Continuing the discussion of mead flavoring ingredients. Today’s subject is the second most common addition in historical mead recipes, cloves.
There is little opportunity for confusion in what cloves are, or what form they are used in. Flower buds of Syzygium aromaticum, have the European name clove. This name comes from the Latin clavus, or nail, based on the shape of this spice. Native to the Molucca Islands in Indonesia, the spice is said to have been once more expensive than gold weight for weight. They are universally used dried.
Cloves have been attributed with multiple medical properties. They have a long history of being used as a local anaesthetic, the eugenol that forms about 80% of the oil in the clove being the active ingredient. Cloves are often chewed to sweeten the breath. Cloves also have a general attribution as an aphrodisiac.
The use of cloves in historical mead recipes shows some notable trends. It is consistently used across my period of interest in about half of all mead recipes with spices.
However, in the time before about 1670, cloves are rarely used by themselves. After that time, cloves were used as the sole spice in a mead less than 10% of the times where they are used.
When cloves are used with other spices, their constant companions are ginger, mace, nutmeg, and cinnamon. The most steadfast of those is ginger. Recipes with cloves and 2, 3, 4, or 5 total spices almost always select from this group. This is not entirely unexpected; those five spices are 5 of the top 6 historical mead ingredients.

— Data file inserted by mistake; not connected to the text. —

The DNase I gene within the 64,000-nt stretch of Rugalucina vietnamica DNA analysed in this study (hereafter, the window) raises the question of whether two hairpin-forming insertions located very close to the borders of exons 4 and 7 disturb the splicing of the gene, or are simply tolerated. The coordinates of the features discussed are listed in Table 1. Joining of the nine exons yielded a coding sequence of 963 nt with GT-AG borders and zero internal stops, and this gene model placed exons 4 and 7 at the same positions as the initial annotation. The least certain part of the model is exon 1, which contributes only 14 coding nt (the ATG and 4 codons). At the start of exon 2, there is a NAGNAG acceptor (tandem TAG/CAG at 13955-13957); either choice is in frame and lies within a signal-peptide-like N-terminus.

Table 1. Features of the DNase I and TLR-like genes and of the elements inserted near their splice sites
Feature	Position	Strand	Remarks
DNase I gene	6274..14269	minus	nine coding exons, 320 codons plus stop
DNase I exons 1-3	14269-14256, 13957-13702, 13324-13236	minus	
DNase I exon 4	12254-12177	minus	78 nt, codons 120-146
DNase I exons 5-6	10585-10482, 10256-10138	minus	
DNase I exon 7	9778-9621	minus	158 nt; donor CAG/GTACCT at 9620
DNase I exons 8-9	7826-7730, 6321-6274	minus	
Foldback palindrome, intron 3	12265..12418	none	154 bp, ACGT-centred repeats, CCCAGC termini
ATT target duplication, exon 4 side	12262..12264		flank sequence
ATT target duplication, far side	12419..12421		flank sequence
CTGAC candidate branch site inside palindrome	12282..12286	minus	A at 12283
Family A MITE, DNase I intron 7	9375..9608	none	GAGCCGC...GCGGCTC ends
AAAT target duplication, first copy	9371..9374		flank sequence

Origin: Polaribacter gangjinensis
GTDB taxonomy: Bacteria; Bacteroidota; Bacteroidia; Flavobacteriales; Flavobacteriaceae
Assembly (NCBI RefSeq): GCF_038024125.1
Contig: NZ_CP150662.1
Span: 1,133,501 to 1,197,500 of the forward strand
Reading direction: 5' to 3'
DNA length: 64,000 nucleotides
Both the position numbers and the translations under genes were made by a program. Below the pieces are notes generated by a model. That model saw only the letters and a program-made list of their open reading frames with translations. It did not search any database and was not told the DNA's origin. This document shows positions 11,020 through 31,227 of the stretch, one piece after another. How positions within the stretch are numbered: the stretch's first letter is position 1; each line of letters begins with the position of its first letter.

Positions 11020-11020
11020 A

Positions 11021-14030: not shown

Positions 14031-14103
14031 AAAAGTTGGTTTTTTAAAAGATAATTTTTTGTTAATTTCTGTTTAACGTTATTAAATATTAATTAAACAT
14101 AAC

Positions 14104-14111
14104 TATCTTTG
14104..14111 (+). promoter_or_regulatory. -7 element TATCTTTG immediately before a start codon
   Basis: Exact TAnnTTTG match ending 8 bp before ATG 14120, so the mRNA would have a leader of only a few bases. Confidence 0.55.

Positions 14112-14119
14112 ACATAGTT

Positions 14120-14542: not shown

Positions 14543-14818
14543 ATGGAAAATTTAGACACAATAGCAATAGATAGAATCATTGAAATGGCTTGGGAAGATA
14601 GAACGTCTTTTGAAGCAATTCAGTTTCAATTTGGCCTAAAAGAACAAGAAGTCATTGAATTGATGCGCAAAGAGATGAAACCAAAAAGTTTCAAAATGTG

Recipes using citrus appear to have an increased frequency of the use of cloves.
Most who have worked with cloves for brewing are well aware that a little clove goes a very long way. There are a number of historical mead recipes that call for cloves significantly in excess of the amount that my experience tells me is desirable. Each clove weighs about 0.1 gram, leaving many recipes calling for 10-20 cloves per gallon! (Which I frequently reduce with a note in my records recording my callous disregard for accuracy to the original recipe.)
Today’s picture is a clove tree from an 1808 illustration, courtesy of the Wellcome Collection.